Osteoporosis And Braces

Certain conditions make it hard or even impossible to receive orthodontic treatment. Conditions that affect your bone are almost always suspect to this sort of problem, as teeth are anchored in bones, and applying pressure to teeth that are anchored in an inflamed, reduced, or otherwise compromised jawbone may cause more damage than it is worth, and some of that damage may be irreversible or constitute a long term problem. One condition that can make it difficult to get braces is osteoporosis, and the drugs prescribed to cure it, biphosphonates, also can make orthodontic treatment impossible.

Osteoporosis and Biphosphonates

Osteoporosis is a condition in which the bones become porous, and thus problems with the teeth are likely to arise. Such bones can break and bend into a pathological state very easily, as they no longer have the flexibility or the sturdiness of healthy bone material. The other problem is that biphosphonates, the drugs that are usually prescribed to treat osteoporosis, cause a condition known as osteonecrosis of the jaw, or ONJ syndrome. ONJ syndrome is a condition in which small portions of the upper and lower jawbone become necrotic and die.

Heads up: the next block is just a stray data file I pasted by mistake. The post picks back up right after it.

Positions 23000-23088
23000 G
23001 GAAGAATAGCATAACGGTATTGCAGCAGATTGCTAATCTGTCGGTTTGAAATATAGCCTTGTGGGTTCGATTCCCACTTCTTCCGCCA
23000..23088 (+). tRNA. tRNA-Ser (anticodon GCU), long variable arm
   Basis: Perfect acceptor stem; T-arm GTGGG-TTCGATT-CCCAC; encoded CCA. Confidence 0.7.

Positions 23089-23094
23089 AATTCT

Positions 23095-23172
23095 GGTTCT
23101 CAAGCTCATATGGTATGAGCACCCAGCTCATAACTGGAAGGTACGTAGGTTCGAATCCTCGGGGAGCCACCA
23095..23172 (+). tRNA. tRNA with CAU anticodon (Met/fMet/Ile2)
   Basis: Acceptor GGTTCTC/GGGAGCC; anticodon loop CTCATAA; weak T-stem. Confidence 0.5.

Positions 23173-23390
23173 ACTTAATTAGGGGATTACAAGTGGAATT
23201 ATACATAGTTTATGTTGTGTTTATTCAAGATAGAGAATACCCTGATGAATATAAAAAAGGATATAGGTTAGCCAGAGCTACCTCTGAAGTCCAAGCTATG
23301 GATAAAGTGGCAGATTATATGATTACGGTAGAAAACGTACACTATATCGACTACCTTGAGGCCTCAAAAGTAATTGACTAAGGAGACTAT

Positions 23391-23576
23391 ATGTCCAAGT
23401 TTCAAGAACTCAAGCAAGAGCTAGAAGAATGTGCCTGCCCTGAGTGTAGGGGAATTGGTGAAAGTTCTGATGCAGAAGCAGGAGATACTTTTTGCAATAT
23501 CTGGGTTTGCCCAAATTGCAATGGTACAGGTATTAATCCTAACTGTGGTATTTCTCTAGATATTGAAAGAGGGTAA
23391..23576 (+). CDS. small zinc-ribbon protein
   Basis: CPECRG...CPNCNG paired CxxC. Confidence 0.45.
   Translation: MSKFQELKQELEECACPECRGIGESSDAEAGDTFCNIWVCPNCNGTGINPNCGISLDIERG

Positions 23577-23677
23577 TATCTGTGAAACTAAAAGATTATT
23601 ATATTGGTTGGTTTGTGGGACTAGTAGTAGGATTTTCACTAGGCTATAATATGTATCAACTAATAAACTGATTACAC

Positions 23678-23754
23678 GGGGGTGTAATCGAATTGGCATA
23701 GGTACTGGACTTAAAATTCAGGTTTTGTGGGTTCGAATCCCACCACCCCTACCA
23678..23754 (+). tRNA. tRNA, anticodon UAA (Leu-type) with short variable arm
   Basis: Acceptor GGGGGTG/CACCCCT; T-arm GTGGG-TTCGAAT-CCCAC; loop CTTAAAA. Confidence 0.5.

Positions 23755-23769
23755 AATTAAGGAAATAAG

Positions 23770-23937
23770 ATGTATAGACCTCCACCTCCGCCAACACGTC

The teeth that are in these portions of the jaw are loose and can fall out, and if pressure is exerted, the pain can be excruciating, not to mention that the jawbone can become damaged. The other problem is that if you are undergoing bisphosphonate treatments for any reason (you can get them as  apart of cancer treatment, and a host of other things besides osteoporosis, after all), and you get an extraction or an implant or any sort of oral surgery, the jawbone may not be able to heal and that may trigger the onset of necrosis. In this way, certain orthodontic treatments are simply off limits. If you were going to use the new anchoring orthodontic dental implants, or if your treatment plan needed some teeth to be pulled, you may have to wait until after your osteoporosis has been cured and you no longer need to take biphosphonates in order to get your plan done.

The Good News

The good news is that not all orthodontic treatments are off limits. If you are looking to get orthodontic treatments that do not involve the use of surgical techniques or of dental implants, than you may very well be likely to be able to receive treatment. However, you must mention to your orthodontist that you are taking biphosphonates. This is very significant information for an orthodontist, for the reasons mentioned above. If your orthodontist knows that you are taking biphosphonates, they may adjust the torque and the angle of the brackets appropriately, and thus not cause your jawbone any problems.  

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